When I first opened Sullivan Street, with Roman baking in mind, this slightly pungent olive loaf immediately became my signature bread. As a result of the brine the olives release during baking, this recipe calls for no salt.
Yield: One 10-inch round loaf; 1½ pounds
Equipment: A 4½- to 5½-quart heavy pot
|Ingredients||Measure ||Weight |
|Bread flour||3 cups ||400 grams |
|roughly chopped, pitted olives (see Note)||about 1 1/2 cups||200 grams|
|instant or other active dry yeast||3/4 teaspoon ||3 grams|
|cool (55 to 65 degrees F) water||1 1/2 cups ||300 grams|
|wheat bran, cornmeal, or additional flour for dusting|| || |
1. In a medium bowl, stir together the flour, olives, and yeast. Add the water and, using a wooden spoon or your hand, mix until you have a wet, sticky dough, about 30 seconds. Cover the bowl and let sit at room temperature until the surface is dotted with bubbles and the dough is more than doubled in size, 12 to 18 hours.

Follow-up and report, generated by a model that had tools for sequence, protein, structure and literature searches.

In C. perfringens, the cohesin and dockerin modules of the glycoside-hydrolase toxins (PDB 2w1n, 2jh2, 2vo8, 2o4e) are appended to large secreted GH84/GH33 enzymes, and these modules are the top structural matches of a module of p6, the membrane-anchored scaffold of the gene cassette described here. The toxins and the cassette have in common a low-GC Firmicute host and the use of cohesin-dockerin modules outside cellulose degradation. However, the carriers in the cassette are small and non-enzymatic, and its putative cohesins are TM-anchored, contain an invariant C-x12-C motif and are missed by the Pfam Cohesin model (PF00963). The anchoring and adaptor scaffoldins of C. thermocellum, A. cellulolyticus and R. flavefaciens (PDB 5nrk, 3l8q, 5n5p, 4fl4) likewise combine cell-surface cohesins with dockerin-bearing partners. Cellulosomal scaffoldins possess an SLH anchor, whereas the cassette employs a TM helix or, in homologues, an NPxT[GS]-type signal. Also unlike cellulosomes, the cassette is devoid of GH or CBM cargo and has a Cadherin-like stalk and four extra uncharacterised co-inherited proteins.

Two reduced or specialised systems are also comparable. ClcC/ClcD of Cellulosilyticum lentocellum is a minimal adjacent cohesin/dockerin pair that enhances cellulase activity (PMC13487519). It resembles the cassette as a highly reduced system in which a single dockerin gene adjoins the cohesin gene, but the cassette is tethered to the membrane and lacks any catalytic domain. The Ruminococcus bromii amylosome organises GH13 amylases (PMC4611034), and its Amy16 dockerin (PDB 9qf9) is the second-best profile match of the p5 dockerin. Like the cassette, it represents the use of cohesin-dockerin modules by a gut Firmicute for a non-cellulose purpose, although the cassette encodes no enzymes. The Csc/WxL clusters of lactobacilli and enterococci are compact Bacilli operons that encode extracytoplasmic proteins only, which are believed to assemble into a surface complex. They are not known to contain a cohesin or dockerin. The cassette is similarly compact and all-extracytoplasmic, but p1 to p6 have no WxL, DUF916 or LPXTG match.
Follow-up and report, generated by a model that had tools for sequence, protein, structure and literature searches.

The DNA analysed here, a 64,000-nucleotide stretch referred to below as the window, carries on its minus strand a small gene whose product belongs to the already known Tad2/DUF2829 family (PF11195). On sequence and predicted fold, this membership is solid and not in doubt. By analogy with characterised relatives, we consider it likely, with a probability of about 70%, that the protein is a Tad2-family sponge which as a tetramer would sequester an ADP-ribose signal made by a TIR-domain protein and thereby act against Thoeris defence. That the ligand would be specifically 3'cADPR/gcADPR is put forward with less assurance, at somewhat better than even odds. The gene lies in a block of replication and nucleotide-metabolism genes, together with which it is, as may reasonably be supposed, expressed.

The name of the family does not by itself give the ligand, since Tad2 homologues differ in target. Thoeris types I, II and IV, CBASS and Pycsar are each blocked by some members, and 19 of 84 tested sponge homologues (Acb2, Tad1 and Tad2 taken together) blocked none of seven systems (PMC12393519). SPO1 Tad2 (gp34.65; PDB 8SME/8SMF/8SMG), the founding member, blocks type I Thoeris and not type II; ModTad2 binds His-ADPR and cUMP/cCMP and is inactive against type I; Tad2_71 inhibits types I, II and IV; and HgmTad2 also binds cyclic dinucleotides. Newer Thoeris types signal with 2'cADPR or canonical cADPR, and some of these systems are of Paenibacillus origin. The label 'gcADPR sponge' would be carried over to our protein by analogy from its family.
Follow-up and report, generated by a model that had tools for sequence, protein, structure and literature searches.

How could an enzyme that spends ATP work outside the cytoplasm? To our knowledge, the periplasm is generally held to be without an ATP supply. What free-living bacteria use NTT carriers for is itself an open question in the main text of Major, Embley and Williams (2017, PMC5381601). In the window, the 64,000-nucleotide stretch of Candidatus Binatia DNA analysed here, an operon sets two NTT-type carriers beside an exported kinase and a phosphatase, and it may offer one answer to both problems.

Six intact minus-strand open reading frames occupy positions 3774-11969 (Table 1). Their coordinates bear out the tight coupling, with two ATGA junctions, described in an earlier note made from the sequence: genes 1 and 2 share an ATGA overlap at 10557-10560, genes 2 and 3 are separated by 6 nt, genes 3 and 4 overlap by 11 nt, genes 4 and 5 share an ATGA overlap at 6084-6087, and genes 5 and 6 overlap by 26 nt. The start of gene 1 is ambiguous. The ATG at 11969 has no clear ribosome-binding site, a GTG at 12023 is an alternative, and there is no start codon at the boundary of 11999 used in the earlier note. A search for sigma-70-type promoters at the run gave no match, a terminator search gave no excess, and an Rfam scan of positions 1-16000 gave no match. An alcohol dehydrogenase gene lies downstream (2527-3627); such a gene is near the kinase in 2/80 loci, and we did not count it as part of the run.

2. When the first rise is complete, generously dust a work surface with flour. Use a bowl scraper or rubber spatula to scrape the dough out of the bowl in one piece. Using lightly floured hands or a bowl scraper or spatula, lift the edges of the dough in toward the center. Nudge and tuck in the edges of the dough to make it round.
3. Place a tea towel on your work surface and generously dust it with wheat bran, cornmeal, or flour. Gently place the dough on the towel, seam side down. If the dough is tacky, dust the top lightly with wheat bran, cornmeal, or flour. Fold the ends of the tea towel loosely over the dough to cover it and place it in a warm, draft-free spot to rise for 1 to 2 hours. The dough is ready when it is almost doubled. If you gently poke it with your finger, it should hold the impression. If it springs back, let it rise for another 15 minutes.
4. Half an hour before the end of the second rise, preheat the oven to 475 degrees F, with a rack in the lower third, and place a covered 41/2 - to 51/2 -quart heavy pot in the center of the rack.